I grew up dreading St. Patrick's Day because I attended a school where the kids and teachers took the wearing o' the green very seriously. If you were not wearing green, you were so covered with pinch-welts by the end of the day it wasn't even funny. It didn't help that the recess/lunchroom aide and school bouncer knew my mother, so I got extra special treatment. I know it was all innocent fun now, But back then, anything that set you apart from the nameless rabble of other school kids marked you. Not that the school was gang-ridden, but a fat kid who wore a really huge pair of glasses didn't need any other reason to stand out.

Friday, March 13, 2009

Why Is the Rum Gone?

I admit the first thing that went through my mind when I saw Lisa Wheat's pictures over at Uncharted was this: Why is the rum gone.

Not knowing, of course, that one of the ships used in Disney's Pirates of the Carribean -- from whence the rum lines comes -- is docked permanently at Disney's own Castaway Cay in the Bahamas.

So now I want to go there. Sigh. Until that happens, I can just read Lisa's story here.

Thursday, March 12, 2009

The Best Writers

I put off reading Eragon by Christopher Paolini for a long time. Though I'm a voracious reader, when it comes to fantasy, I'm kind of a snob. Under the influence of my older brother Jeff, I read Tolkein's LOTR trilogy in high school, and actually read The Hobbit as a grade-schooler. From thence, I've tried to read all sorts of other fantasy. While I was overjoyed to find there were the likes of Frank Herbert, Richard Adams, Terry Partchett, Harry Harrison and others of their fine stripe out there, too often I was dismayed to find people like Terry Brooks, who struggled to get past the fact that fantasy writing, in general, is very formulaic and not the easiest genre to pull of successfully.

Then came Eragon, borne of a 15-year-old Montanan steeped in reading the same authors I enjoy. I hear tell one of the reasons he decided to write fantasy was that he couldn't find a lot of good fantasy writing out there.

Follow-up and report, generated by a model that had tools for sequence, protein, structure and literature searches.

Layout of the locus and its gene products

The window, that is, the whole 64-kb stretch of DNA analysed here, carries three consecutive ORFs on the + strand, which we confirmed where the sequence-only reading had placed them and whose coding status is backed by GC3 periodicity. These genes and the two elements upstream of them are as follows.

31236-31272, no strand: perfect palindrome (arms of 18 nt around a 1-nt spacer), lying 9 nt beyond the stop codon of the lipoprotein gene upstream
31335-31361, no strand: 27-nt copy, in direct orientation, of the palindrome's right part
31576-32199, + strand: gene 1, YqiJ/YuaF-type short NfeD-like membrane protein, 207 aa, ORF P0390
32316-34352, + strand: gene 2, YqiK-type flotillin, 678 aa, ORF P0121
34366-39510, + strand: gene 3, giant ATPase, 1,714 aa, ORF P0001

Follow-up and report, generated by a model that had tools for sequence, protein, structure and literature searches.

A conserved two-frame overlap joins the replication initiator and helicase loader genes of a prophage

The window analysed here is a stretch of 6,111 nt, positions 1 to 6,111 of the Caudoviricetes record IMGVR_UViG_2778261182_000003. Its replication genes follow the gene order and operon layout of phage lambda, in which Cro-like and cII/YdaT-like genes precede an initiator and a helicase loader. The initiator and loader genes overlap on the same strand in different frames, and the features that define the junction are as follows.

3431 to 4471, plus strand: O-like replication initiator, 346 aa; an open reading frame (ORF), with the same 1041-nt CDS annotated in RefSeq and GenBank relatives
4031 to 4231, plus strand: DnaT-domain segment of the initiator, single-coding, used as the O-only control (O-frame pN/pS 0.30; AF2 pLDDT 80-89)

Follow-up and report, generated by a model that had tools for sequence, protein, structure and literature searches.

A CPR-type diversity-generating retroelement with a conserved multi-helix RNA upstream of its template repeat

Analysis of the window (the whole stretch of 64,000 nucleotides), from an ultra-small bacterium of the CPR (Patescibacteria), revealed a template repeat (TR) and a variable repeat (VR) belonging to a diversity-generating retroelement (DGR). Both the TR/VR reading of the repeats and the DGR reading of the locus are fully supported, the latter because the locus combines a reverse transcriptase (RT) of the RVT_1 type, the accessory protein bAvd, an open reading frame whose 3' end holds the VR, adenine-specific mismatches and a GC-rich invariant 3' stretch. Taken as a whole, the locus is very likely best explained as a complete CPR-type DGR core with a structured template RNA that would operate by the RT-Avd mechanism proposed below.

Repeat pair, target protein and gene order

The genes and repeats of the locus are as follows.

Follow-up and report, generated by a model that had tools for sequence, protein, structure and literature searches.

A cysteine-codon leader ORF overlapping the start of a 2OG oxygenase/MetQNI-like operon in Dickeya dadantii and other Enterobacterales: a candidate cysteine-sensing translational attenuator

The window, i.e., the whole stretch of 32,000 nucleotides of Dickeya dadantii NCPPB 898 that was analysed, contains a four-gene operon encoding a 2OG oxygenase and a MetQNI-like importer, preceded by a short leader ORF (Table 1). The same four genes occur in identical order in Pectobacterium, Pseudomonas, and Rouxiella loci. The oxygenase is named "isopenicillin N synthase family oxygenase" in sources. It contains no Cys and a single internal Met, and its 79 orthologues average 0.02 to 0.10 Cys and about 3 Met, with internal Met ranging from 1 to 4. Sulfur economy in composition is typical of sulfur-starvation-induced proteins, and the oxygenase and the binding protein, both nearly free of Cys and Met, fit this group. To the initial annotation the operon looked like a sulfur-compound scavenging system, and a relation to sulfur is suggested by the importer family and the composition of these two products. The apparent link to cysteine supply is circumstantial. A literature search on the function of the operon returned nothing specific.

I hope that's just a legend because, frankly, his writing isn't all that good.

I know, I know. He wrote it as a teenager. We should all be duly impressed by such talent at such a young age. But I think it's too easy to peg Paolini as a genius. Charles van Doren famously quipped that you could fill Yankee Stadium with the world's mediocre novelists, and it's quite certain some novelists hailed as geniuses would be there, eating red hots and sipping beer.

Good writers go beyond understanding the formula. They go beyond plotting their stories. They go beyond characterization. All of these elements are extremely important, and the best writers who proceed without them are doomed to be snickered at and booed. But the writers who are the best writers recognize that the best story, the best characterizations, the best plotting are the skeletons and musculature to which the skin of beautiful writing is attached.

To stray from the fantasy genre -- look at the likes of Steinbeck, Bradbury, let alone Tolkein, Herbert, Adams and the others -- you find the best writers are those who have it all. They know how to turn a phrase. Herbert, for example, and Adams, to a certain extent -- you forget that most of the dialogue in their novels take place as the characters basically sit around, lounging, doing nothing but talking or walking. You get caught up in the language, which soars. Steinbeck, especially, combines beautiful language with such characterizations that you can always pick out a Steinbeck story from the pack. This is the kind of talent that wins Nobel prizes.

I'll give Paolini credit for a wonderful achievement. But as I read his next novels, I hope to see him go beyond focusing on the genre and get into the craft of writing. That'll push him out of Yankee Stadium.



Honestly, reading Paolini reminded me of this XKCD webcomic. To be truthful, other fantasy genre writers also make up plenty of words (Tolkein and Herbert come to mind) but in their craft of writing, the made-up words don't feel as forces as they do in Paolini's Eragon. It takes a lot of skill as a writer (not just as a story-dreamer-upper or plotter or maker of characters) to make fantasy sing. Eragon doesn't -- see examples in "The Best Part" on the sidebar.

Hijacking Christianity

Ya know, there are times those who profess to be Christian need to shut up and actually listen to how they sound.